Nothing shallow about Shraddha

Nothing shallow about Shraddha

Hits and misses have been a part of Shraddha Kapoor’s chequered career. However, she has remained earnest in her outings to deliver only the best, writes Rajiv Vijayakar

She made her debut nine years back with Teen Patti, scored as an actress with Luv Ka The End, and hit a high only in 2013 with Aashiqui 2. Shraddha Kapoor, who has completed a decade of shooting for films, has had a chequered career with intermittent hits like Ek Villain, ABCD 2 and Baaghi interspersed with several flops and a couple of disasters like Half Girlfriend and OK Jaanu.

Last year, too, ended on a mixed note with her playing the titular role in her super-hit Stree and then coming a cropper with Batti Gul Meter Chalu. Shraddha looks at the future with optimism and a decision to do diverse films and something new each time. “In that sense, I never felt like an industry kid but like an outsider,” she says. “Even my first two films were unconventional, like some of my later films.” And just like Stree and Batti Gul… released within three weeks of each other, she goes even better with exactly a week’s gap between the just-released Saaho and the September 6 release of Chhichhore. And this after a decision between the makers not to clash — because, initially, both films were geared to
release on August 30. “We actors really cannot plan these things,” she says with a smile. “Ideally, I would like bigger gaps between two movies.”

What works

Shraddha, however, looks back on her journey with pride, and feels that it is the combination of her good and bad films and her hits and flops that have made her what she is today. “I am proud of my journey every step of the way. Different things work for different people,” she explains. “I have always felt like doing something different, whether it is Ek Villain, Haider or Haseena Parkar. I know that every Friday is merciless, where weeks and months of hard work on the part of a film’s team can be judged and sometimes written off by the audience.” This is where the actor welcomed two “totally different films and characters” in Saaho and Chhichhore. “I was very excited that I was offered a multi-lingual high-octane action film, that too with Prabhas, who is so cool. Chhichhore, on the other hand, is a very intimate slice-of-life film and working with Nitesh Tiwari was a complete joy.” Saaho, however, has opened to mixed reviews from both the critics and the audience.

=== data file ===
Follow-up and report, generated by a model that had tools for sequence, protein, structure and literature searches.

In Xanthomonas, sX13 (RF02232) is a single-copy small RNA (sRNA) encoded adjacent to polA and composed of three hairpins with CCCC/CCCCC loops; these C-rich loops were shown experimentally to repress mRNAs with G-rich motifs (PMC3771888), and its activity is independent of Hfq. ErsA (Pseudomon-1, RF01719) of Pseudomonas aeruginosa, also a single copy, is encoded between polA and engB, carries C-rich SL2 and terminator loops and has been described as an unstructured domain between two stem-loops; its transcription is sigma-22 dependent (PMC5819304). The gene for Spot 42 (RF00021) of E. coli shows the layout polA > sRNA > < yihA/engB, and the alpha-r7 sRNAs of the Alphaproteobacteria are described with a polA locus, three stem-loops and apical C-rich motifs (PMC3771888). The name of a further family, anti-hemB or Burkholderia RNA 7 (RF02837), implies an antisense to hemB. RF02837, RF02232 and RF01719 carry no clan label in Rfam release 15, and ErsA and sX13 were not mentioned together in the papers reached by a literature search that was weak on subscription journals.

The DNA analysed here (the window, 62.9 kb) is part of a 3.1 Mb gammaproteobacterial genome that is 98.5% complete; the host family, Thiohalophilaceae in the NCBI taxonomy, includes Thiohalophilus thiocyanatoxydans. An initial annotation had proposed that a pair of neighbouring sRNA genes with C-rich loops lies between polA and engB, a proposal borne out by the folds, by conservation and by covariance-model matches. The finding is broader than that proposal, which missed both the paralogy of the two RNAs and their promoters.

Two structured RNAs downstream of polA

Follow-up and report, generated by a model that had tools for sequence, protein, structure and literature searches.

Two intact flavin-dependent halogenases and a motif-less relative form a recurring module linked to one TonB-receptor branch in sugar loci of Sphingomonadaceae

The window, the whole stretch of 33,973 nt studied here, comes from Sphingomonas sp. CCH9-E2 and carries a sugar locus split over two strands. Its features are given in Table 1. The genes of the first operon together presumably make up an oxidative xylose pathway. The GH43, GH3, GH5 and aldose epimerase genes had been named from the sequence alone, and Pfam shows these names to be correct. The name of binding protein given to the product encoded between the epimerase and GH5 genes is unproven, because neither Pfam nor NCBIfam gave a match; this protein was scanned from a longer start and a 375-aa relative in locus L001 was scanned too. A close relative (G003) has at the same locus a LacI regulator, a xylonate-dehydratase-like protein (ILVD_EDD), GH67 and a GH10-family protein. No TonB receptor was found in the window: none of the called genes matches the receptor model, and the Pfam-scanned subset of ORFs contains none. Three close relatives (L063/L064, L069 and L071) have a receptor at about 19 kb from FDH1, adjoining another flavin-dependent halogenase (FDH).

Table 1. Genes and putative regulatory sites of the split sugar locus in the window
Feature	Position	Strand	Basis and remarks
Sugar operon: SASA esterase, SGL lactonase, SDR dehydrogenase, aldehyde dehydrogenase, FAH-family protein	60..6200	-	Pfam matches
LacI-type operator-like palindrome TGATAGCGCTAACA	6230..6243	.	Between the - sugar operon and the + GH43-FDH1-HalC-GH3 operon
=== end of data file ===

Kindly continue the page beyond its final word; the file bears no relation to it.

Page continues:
Having already done action in Baaghi, how was it different in Saaho? She says that there was nothing really demanding. “People ask me if I suffered injuries on the sets. But I was injured more on the sets of Street Dancer 3D. And during Baaghi, I remember shooting for the song Chham chham chham on a very rough railway platform that made my feet bleed so much. My director advised me to wear shoes, but somehow the impact would have been diluted, so I did it barefoot.”

Shraddha cannot still turn her neck freely from the injuries she incurred on the sets of Street Dancer 3D. “The few minor injuries during Saaho were nothing compared to the falls I had here,” she reveals. So what was the most challenging part of Saaho? “Believe me, it was the second shot and whether I could retain the same emotion and effect, because every scene in Saaho was shot twice, once in Telugu and once in Hindi.”
Shraddha never had a scene with Jackie Shroff, Baaghi co-star Tiger’s father, in Saaho. Has she ever interacted with him on sets? “I barely met him, but I still remember being invited with my brother Siddhant for Tiger’s or his sister Krishna’s birthday parties,” she recalls.

“I remember Jackie uncle being very, very kind.” Would she love to do a full-fledged role with her father Shakti Kapoor? “Of course, though we did come together in my first film Teen Patti for a bit. He had a cameo in it.”

A still from Chhichhore
A still from Chhichhore

Substantial roles

Shraddha is happy that, in general, stronger parts are being written for women now. Even in “out-and-out commercial films that everyone wants to watch,” she feels that women are no longer just decorative figurines. “I have strong and layered characters in both films, and I got attracted to them because of that,” she maintains. The actress will be reuniting with producer Sajid Nadiadwala after the success of Baaghi in both Chhichhore and Baaghi 3. The former film sees her in two different looks from a college student to middle-age. Her short, curly-haired college girl look and the saree-clad, long-haired woman we see later have both created a buzz. But more than that, Shraddha is happy and excited about working with a director as skilled and rooted as Nitesh Tiwari, with his track-record of Chillar Party, Bhoothnath Returns and Dangal.

Said Shraddha, “Working with Nitesh-sir has been one of the most amazing experiences. The way we got into the film with the kind of prep that we did was incredible. They — Sushant Singh Rajput, Varun Sharma and the entire team — were so prepared and so into the script!”

The actress recalls that the director, as a person, is known to always stand up for what is right. “This is something he brought into the films as well, to his script, actors and others in the team,” she reveals. The last two years have been hectic for Shraddha. “I have been shooting and shooting and barely had a few days off last December. Can you imagine, I am a part of the film industry and have been unable to watch movies? I just started watching Game Of Thrones, that too after it is over.”

Shraddha plans to relax a bit now. Having left the Saina Nehwal biopic she had been signed for, she is going to soon start prepping for Baaghi 3. And she looks forward to reuniting with Tiger Shroff.

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